London, a city where the old-world charm of cobblestone streets meets the bustling energy of the modern world. It’s a dream for many to call this city home, but the practicalities of such a move can often be daunting. If you’ve ever wondered, “How much do I need to move to London?”, you’re in the right place. We’re here to guide you through the financial maze of relocating to this iconic city.
The Allure of London
London is a melting pot of cultures, traditions, and contemporary vibes. It’s a city where history and modernity coexist, making it a top destination for expats from around the world. But beyond its allure lies the practical question: How much does it really cost to move to London? We’ve been through this journey multiple times, and each experience has taught us something new.
The Hidden Costs of Moving
Moving to London isn’t just about booking a flight and packing your bags. There are several hidden costs that can catch you off guard:
Visa expenses: Before even stepping foot in London, there’s the cost of the visa. And attached to the visa is the NHS surcharge, which gives you access to the UK’s health system. This can run into thousands of pounds, and it’s essential to factor this into your budget.
Airfares: The cost of flying can vary widely. If possible, avoid peak times like summer holidays to get better deals.
Moving your belongings: Consider the costs of shipping your furniture and belongings. Sometimes, it might be more economical to sell some items and repurchase them in London.
Temporary accommodation: It might take a while to find your perfect home in London. Until then, you’ll need a place to stay, which could be with friends, in an Airbnb, or other temporary lodgings.
Renting in London
London’s real estate market can be challenging. The rents are high, and there are several hidden costs associated with renting:
Agency fees: Some real estate agents charge fees to help you find a place. Always ensure you’re aware of any such costs upfront.
Deposits and administrative fees: Before moving into your new home, you’ll need to pay a deposit and possibly some administrative fees.
Proof of employment: Many agencies now require proof of employment or savings to ensure you can afford the rent.
Day-to-Day Living Expenses
Living in London comes with its own set of expenses. From transport to food, the cost of living can add up. It’s essential to have a backup fund for the initial days, especially if you’re job hunting. We recommend saving for at least three to six months of expenses to give yourself a comfortable cushion.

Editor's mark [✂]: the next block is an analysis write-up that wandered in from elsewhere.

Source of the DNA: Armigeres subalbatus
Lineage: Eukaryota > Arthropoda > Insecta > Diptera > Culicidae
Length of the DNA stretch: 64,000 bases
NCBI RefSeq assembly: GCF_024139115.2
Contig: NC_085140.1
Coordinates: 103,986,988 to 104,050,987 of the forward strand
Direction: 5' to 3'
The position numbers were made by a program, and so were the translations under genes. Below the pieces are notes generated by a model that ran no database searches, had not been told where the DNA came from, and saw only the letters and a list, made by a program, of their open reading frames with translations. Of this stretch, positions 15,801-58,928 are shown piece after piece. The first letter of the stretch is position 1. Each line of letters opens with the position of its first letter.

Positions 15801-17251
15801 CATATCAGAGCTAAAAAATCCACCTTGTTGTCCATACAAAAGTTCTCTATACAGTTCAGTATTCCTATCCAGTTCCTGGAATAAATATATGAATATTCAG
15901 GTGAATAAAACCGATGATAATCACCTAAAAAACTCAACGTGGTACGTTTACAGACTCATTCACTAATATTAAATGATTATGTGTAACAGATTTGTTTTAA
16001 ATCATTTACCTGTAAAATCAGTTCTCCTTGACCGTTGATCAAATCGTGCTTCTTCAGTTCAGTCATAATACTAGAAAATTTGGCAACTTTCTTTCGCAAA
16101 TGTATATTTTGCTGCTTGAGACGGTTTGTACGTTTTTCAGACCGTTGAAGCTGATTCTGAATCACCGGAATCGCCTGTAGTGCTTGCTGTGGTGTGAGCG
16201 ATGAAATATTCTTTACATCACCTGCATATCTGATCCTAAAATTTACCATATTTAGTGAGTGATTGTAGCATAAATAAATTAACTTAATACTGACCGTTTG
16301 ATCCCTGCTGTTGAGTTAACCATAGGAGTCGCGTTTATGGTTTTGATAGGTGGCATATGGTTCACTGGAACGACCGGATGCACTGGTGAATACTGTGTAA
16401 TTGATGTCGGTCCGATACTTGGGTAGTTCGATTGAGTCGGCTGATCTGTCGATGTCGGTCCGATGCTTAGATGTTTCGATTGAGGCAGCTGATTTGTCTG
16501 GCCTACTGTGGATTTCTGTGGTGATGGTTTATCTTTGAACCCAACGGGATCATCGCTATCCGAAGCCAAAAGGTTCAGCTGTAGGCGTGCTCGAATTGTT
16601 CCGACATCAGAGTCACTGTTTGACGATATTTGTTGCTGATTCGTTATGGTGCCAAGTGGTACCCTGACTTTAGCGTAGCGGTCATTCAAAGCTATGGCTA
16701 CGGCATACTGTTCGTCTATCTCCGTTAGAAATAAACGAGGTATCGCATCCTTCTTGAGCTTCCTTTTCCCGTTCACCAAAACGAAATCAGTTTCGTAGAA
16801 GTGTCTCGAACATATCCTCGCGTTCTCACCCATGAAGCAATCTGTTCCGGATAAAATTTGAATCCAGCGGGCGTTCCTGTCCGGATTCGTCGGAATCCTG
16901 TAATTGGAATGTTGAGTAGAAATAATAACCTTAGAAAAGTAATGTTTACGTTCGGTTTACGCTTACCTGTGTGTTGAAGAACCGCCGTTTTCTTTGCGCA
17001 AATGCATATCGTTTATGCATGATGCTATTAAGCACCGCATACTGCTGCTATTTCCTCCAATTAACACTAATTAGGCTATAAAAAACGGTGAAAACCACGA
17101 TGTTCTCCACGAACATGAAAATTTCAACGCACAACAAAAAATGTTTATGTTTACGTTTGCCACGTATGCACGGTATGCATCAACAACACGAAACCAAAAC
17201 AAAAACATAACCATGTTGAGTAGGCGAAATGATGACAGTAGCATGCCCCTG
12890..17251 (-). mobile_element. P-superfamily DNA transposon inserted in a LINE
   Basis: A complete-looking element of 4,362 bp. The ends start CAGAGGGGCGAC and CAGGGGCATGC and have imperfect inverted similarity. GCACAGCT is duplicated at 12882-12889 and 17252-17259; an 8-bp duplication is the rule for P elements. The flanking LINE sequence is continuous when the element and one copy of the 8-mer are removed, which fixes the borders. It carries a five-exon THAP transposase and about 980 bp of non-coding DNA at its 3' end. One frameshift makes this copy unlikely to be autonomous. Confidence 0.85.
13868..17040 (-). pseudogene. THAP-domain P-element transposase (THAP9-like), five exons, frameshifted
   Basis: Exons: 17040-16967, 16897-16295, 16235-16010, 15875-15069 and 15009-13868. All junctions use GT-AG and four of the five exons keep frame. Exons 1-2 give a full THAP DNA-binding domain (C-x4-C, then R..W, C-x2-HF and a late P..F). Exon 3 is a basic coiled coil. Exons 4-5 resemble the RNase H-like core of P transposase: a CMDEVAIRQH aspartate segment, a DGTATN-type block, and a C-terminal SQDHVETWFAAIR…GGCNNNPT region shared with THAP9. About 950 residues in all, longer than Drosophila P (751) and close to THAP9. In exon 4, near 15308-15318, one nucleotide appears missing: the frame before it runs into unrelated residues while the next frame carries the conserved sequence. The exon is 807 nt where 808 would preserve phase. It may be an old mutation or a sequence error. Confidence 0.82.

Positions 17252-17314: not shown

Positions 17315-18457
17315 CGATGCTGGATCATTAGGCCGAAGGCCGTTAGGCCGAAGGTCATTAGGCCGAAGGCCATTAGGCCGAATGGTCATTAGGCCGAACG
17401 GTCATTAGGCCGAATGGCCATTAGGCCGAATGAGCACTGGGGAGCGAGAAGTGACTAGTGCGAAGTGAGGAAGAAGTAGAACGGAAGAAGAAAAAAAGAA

Bringing Your Furry Friend
If you’re considering moving with a pet, be prepared for additional expenses. The cost of flying a pet can sometimes be more than flying a human! Ensure you’re well-informed about the requirements and costs associated with bringing your pet to London.
Moving to London is an exciting adventure, but it requires careful planning and budgeting. By being aware of the potential costs and having a clear financial blueprint, you can make your London dream a reality without unnecessary stress. Remember, it’s all about the journey, and we’re here to help you every step of the way.
We’re so excited to share this – TLL featured on The Offbeat Life podcast! I recently had the pleasure of sitting down with the lovely Debbie Archangeles, founder of The Offbeat Life for a chat on her popular podcast. Guests on The Offbeat Life share similar values to Cooper and I. They seek ways to bring more global experiences into their lives, weaving work, travel and lifestyle into an immersion of other cultures.
In this episode, Debbie and I talk about ways to take your work on the road. We highlight great tips for anyone dreaming of an ‘offbeat life’ adventure! In particular, becoming a digital nomad, remote worker or expat abroad.
How can you travel longer, live and work from anywhere?
Have a listen to Cooper’s and my story, hopefully we can share advice that motivates you to take the leap!
Debbie and I had a great chat about house sitting too.
Because house sitting is a fantastic enabler of a freedom filled lifestyle that suits remote workers and digital nomads to a T! This sentiment is everything that inspires our own podcast, Freedom and Four Paws.
In our Offbeat Life chat, I cover the top mistakes newbie house sitters make – find out how to avoid them, listen on: